The CACFP helps to improve the quality, care, and affordability of day cares for low-income families. Participants in centers with household incomes between 130 percent and 185 percent of the poverty line, are eligible to receive meals at a reduced price
Eligible children, including infants, must be 12 years of age or younger. However, children of migrant workers are eligible through age 15.
Eligible adults must be enrolled in an adult day care and at least 60 years of age or have physical or mentally impairments.
Children up to age 18 are eligible if they attend after school centers and emergency shelters.
Parents and guardians who are looking for nutritious meals for their children can contact their State Agency for participating care facilities.
Summer Food Service Program
The Summer Service Program (SFSP) is a federally funded, state-administered program that reimburses program operators who serve free healthy meals and snacks to children and teens (18 years and younger) in low-income areas when school is not in session.
Sites are safe and supervised places in the community where children can receive meals. The sites are located in a variety of settings, such as, schools, parks, community centers, health clinics, churches, and more.
Team Nutrition is an initiative of the United States Department of Agriculture’s Food and Nutrition Service that supports national efforts of promoting sustainable food and fitness behaviors, by improving nutritional practices.
Their goal is to build support and provide resources that will change behavior.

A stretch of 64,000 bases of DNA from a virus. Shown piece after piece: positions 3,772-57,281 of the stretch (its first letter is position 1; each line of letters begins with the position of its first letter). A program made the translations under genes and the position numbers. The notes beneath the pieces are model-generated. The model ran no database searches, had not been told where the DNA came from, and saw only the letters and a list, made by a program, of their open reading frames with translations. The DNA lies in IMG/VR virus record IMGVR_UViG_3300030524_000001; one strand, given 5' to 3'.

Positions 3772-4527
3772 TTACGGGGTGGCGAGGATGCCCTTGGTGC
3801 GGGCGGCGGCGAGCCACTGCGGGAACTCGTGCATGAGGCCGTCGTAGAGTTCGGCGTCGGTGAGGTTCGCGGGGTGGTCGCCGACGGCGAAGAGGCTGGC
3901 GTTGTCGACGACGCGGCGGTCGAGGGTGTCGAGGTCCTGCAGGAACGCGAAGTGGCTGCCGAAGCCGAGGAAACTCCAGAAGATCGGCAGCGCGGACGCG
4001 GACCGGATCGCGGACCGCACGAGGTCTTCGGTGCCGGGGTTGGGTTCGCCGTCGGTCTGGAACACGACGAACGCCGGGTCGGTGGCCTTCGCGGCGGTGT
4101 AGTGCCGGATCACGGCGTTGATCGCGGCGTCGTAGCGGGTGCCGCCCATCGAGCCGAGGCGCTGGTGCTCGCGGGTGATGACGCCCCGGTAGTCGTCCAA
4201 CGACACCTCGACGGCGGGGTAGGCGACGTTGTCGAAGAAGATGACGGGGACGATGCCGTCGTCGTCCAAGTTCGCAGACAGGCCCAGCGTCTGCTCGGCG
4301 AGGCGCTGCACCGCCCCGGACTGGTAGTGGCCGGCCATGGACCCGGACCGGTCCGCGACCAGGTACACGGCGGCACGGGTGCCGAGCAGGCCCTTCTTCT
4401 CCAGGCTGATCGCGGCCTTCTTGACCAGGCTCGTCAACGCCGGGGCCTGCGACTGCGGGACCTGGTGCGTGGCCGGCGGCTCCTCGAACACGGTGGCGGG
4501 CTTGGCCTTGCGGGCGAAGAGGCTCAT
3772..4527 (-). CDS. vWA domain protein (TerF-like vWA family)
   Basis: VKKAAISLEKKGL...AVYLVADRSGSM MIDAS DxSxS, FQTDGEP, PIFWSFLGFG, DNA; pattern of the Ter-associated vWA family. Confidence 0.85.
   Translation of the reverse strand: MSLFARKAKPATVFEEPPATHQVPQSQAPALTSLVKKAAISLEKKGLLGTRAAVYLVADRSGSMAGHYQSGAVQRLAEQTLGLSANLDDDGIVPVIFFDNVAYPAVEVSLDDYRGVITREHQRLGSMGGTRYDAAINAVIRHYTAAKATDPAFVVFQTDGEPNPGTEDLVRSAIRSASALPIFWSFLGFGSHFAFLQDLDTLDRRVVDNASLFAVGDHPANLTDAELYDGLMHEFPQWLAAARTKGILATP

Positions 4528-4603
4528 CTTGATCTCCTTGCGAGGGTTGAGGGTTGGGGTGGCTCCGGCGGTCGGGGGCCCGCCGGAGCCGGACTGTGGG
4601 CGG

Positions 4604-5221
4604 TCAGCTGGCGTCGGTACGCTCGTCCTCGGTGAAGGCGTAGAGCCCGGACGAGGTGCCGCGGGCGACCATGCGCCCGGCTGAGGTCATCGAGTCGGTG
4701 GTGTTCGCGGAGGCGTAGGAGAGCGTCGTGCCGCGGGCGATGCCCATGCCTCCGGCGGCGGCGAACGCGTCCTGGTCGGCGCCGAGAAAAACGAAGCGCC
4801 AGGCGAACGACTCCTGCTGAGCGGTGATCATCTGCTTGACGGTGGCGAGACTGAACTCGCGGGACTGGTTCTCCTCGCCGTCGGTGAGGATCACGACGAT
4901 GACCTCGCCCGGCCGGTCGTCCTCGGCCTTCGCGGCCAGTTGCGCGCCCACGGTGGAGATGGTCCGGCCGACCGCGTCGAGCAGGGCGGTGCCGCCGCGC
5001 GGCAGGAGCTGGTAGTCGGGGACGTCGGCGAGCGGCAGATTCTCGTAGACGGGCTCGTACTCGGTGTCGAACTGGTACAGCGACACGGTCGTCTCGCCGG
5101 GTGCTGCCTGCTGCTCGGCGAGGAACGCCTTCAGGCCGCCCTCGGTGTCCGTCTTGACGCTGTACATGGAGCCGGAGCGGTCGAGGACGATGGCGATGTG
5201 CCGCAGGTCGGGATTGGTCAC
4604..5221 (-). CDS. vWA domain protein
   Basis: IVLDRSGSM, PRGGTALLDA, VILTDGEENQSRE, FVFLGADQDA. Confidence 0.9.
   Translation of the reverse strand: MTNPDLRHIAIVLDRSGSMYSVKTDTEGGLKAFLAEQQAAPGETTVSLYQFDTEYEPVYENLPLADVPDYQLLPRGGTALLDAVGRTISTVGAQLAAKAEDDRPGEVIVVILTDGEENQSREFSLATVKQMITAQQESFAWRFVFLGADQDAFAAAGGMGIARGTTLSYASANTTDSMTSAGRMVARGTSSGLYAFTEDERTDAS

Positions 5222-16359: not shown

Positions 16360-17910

Team Nutrition delivers messages to children and their caregivers through the following: food service initiatives, classroom and childcare activities, school-wide events, home activities, community programs and events, social media, and traditionally, in person.
Team Nutrition also provides training and technical assistance for food service, nutrition education for children and caregivers, as well as promote healthy eating and physical activity in schools and communities.
Community Food Systems
The Office of Community Food Systems (OCFS) helps child nutrition program operators incorporate local foods into the programs (National School Lunch Program and its associated programs, Summer Food Service Program, Child and Adult Care Food Program).
The Office of Community Food System provides this help through grants, training and technical assistance, and research.
Charitable Hunger Assistance Programs may be the answer for you
There are dozens of charities and none-profit organizations across the US which are working around the clock to end hunger in America.
Feeding America is the nation’s largest domestic hunger-relief organization that helps feed the hungry through a nationwide network of member food banks.
Feeding America also works with manufacturers, distributors, retailers, food service companies, and farmers to gather food before it goes to waste.
The Feeding America network of food banks, pantries, and meal programs serves nearly every community in the country, and have provided over 4.3 billion meals annually, in turn, helping 1 in 7 Americans who face hunger live a more secure life.